Lindfield Learning Village

Choosing the wrong drivers for whole system reform by Michael Fullan

‘Whole system reform’ is the name of the game and ‘drivers’ are those policy and strategy levers that have the least and best chance of driving successful reform. A ‘wrong driver’ then is a deliberate policy force that has little chance of achieving the desired result, while a ‘right driver’ is one that ends up achieving better measurable results for students. Whole system reform is just that – 100 per cent of the system – a whole state, province, region or entire country. This paper examines those drivers typically chosen by leaders to accomplish reform, critiques their inadequacy, and offers an alternative set of drivers that have been proven to be more effective at accomplishing the desired goal, which I express as … the moral imperative of raising the bar (for all students) and closing the gap (for lower performing groups) relative to higher order skills and competencies required to be successful world citizens.

 

Breath by James Nestor

Breath is, quite literally, a breath of fresh air! Nestor takes you on the personal, scientific and historical journey which notes the importance of breathing and how to do it well. Stay with me…if we don’t breathe correctly, despite mindset, diet and exercise, then none of that really matters. A fascinating journalistic lens is applied to uncover how and why we stopped breathing effectively and useful, purposeful tips are given to bolster your own work in breathing well. Overall, some mind blowing stats, interesting anthropology and most definitely, a better night’s sleep. Get onto this one! “Modern research is showing us that making even slight adjustments to the way we inhale and exhale can jump-start athletic performance; rejuvenate internal organs; halt snoring, asthma, and autoimmune disease; and even straighten scoliotic spines. None of this should be possible, and yet it is”.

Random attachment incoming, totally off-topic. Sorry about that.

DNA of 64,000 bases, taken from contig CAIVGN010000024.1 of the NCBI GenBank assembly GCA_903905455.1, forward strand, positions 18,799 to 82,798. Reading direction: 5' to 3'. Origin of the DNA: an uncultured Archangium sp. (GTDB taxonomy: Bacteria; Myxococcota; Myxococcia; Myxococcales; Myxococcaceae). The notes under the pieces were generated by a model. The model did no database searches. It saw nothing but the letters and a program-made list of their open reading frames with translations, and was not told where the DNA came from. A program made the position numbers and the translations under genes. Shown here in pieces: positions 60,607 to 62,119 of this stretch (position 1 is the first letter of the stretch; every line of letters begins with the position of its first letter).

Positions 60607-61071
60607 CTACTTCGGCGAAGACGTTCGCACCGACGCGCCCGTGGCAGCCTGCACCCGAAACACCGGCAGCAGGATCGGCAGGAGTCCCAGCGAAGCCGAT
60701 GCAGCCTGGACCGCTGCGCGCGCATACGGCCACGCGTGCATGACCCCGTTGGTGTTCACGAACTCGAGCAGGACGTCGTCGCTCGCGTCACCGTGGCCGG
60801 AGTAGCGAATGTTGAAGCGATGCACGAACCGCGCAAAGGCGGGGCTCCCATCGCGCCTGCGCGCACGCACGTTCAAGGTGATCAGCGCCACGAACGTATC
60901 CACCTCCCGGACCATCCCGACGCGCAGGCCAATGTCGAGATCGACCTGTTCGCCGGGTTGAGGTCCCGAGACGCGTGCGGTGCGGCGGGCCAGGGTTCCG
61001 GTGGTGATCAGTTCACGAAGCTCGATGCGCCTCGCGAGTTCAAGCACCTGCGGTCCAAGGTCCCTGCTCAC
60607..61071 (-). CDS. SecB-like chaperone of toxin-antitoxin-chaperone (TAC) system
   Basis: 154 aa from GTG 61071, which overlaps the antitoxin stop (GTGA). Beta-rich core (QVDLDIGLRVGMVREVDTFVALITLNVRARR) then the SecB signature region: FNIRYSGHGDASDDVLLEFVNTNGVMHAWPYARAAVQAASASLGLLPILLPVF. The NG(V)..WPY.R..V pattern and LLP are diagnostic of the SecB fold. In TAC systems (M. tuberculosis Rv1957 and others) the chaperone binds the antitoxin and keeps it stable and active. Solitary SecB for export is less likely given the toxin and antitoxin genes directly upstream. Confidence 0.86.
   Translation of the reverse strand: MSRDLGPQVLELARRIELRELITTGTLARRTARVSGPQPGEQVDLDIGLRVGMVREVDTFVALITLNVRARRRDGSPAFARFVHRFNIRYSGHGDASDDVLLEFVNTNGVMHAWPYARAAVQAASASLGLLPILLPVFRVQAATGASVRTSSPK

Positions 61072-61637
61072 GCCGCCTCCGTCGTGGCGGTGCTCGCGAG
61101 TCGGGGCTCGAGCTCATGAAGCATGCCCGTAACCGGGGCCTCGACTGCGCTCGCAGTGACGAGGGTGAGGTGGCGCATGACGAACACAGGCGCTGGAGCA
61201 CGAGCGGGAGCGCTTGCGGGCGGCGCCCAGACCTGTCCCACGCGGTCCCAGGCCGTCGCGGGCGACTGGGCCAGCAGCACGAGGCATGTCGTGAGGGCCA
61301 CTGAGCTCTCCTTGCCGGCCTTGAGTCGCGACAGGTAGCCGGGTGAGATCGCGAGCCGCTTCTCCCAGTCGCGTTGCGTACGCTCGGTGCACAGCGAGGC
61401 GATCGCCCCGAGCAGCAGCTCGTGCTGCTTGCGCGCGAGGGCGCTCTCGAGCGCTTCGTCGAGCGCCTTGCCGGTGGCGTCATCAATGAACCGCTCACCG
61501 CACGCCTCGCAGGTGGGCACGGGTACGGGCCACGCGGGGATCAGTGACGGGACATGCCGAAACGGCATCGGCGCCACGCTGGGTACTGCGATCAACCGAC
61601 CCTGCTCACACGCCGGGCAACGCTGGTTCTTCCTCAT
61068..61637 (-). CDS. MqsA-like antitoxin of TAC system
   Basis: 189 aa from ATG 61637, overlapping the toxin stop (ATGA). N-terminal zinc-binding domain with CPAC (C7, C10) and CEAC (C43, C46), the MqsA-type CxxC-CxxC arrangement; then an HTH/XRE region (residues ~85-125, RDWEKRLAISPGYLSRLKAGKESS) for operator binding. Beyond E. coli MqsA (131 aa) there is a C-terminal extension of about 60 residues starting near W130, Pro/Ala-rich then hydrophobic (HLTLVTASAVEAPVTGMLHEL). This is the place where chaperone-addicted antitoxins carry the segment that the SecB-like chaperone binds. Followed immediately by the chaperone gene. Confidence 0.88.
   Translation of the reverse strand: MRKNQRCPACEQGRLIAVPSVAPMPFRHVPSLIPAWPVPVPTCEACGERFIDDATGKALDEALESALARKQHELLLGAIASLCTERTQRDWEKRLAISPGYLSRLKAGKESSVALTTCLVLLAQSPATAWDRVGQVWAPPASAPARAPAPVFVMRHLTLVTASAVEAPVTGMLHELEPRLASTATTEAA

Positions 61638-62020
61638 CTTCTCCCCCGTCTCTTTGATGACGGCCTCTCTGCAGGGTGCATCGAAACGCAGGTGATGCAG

Sand Talk by Tyson Yunkaporta

Sand talk is an extraordinary reading experience which will transform that way you think about and engage with knowledge! Exploring various global systems through an Aboriginal perspective, Sand Talk provides us with a rich and interactive way to see and truly understand our world. Taking you on a journey through an academic yarn, Tyson Yunkaporta invites us to explore patterns to reimagine how we learn, how we listen and how we act. Sand talk brings clarity to complex issues and systems and encourages us to do things differently as custodians of this place. This is a remarkable read!

Drive by Daniel Pink

A book that will change how you think and transform the way you live. Forget everything you thought you knew about how to motivate people. It is wrong! The secret to high performance and satisfaction is the deeply human need to direct our own lives, to learn and create new things and to do better by ourselves and the world. Along the way, Dan introduces us to the scientists and entrepreneurs who are pointing a bold way forward.

Lifelong Kindergarten by  Mitchel Resnick

How lessons from kindergarten can help everyone develop the creative thinking skills needed to thrive in today’s fast-changing world. Focusing on playing, sharing and reflecting and drawing on his 30 year experiences at MIT’s Media Lab, Resnick discusses new technologies and strategies for engaging young people in creative learning experiences. Let’s help our students prepare for a world where creative thinking is more important than ever before.

Steal Like an Artist by Austin Kleon